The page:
Annual leave and other foreseeable absences
You should ensure that adequate first aid cover is available at all times, including when a first aider is on annual leave, a training course, a lunch break or other foreseeable absences. This generally means that workplaces need more than one first aider to ensure that cover is maintained.
If your first aid needs assessment identifies the need for a ‘First Aider at Work’ (18 hour course), it is not acceptable to provide an ‘Emergency First Aider at Work’ (6 hour course) to cover foreseeable absences.
You should also consider what cover is needed for non-planned absences such as sick leave.
Read Also: The need for first aid in schools
First Aid Provision for Non-Employees
The HSE recommend that you include non-employees in your first aid needs assessment. You should consider the duty of care that you assume when a non-employee visits your site. This is particularly relevant if you provide a service for others such as schools, places of entertainment, shops etc. Consider both the injuries and illnesses that could occur.
For large events such as concerts, organisers have a duty of care to ensure that adequate medical, ambulance and first aid cover is available. Organisers of such events should refer to The Event Safety Guide, published by HSE books, for further information.
The Size of the Organisation
The number of people on a site should no longer be the primary basis for determining first aid needs; all the areas of the new first aid needs assessment should be carefully considered. However, in general terms the larger your organisation is, the more first aiders you will need.
After identifying the locations / times that first aid cover is needed, the HSE recommend:
- That ‘non-manual’, low risk workplaces (such as shops, offices, libraries) have a minimum
- That ‘manual’ workplaces (light assembly work, warehousing, food processing or higher risks), have a minimum of one first aider on duty at all times per 50 people (or part thereof).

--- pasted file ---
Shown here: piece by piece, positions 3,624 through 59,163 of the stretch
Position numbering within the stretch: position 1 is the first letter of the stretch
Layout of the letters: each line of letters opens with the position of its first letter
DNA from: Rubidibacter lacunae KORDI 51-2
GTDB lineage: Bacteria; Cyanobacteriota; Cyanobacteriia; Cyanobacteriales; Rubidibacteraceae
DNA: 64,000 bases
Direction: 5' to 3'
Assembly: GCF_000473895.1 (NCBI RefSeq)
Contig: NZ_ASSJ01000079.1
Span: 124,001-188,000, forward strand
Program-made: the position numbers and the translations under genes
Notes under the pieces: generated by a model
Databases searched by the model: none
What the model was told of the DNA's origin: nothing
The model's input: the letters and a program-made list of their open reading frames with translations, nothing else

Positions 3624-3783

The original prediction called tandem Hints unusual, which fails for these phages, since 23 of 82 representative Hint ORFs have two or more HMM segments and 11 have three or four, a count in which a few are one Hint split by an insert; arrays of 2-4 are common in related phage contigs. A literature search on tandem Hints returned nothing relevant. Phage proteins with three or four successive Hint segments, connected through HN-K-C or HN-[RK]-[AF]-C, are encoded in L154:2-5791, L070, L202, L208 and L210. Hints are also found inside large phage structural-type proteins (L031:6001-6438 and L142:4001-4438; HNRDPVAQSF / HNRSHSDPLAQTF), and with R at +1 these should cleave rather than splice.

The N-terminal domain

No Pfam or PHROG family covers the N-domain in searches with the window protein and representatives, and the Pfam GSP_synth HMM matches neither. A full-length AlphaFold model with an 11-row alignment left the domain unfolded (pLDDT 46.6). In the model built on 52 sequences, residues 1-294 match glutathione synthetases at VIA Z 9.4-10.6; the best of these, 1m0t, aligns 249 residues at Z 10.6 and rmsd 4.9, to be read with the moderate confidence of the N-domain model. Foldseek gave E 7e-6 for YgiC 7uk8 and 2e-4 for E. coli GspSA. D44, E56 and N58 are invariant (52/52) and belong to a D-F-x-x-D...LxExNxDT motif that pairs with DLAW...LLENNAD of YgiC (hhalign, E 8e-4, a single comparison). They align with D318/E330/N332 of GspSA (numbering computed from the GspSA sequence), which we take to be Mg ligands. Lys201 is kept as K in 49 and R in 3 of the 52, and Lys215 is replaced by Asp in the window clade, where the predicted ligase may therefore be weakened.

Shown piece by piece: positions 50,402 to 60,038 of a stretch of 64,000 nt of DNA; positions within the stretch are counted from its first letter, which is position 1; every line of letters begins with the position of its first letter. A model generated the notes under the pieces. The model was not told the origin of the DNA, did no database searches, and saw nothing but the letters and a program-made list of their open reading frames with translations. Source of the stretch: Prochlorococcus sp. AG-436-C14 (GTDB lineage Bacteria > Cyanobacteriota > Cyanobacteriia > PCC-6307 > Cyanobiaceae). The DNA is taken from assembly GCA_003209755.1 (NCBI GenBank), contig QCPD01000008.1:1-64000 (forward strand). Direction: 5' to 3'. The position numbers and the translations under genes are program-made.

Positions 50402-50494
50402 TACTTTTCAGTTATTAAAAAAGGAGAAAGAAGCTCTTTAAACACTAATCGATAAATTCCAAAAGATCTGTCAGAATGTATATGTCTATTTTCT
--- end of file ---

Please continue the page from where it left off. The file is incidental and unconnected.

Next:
Workplaces with more than 50 people:
It is likely that if your workplace is large you will have already identified the need for full FAW (18 hour) training for your first aiders; but in any case, due to the increased probability of illness and injury occurring in larger workplaces, the HSE recommend that full FAW (18 hour) training is provided in workplaces with 50 or more people.
Reviewing the First Aid Needs Assessment
You should review your first aid needs from time to time, particularly if you have operational changes in your workplace. It is recommended that a record is kept of incidents dealt with by first aiders to assist in this process.
Annual Refresher Training
Due to the wealth of evidence on the severity of ‘first aid skill fade’, the HSE now recommend that all First Aiders attend annual refresher training.
Can legal action be taken against first-aiders?
It is very unlikely that any action would be taken against a first-aider using the first-aid training they have received. HSE cannot give any specific advice on this issue as it does not fall within HSE’s statutory powers.
It is recommended that you seek legal advice, or advice from your employer’s insurance brokers on whether their policies cover first-aiders’ liability.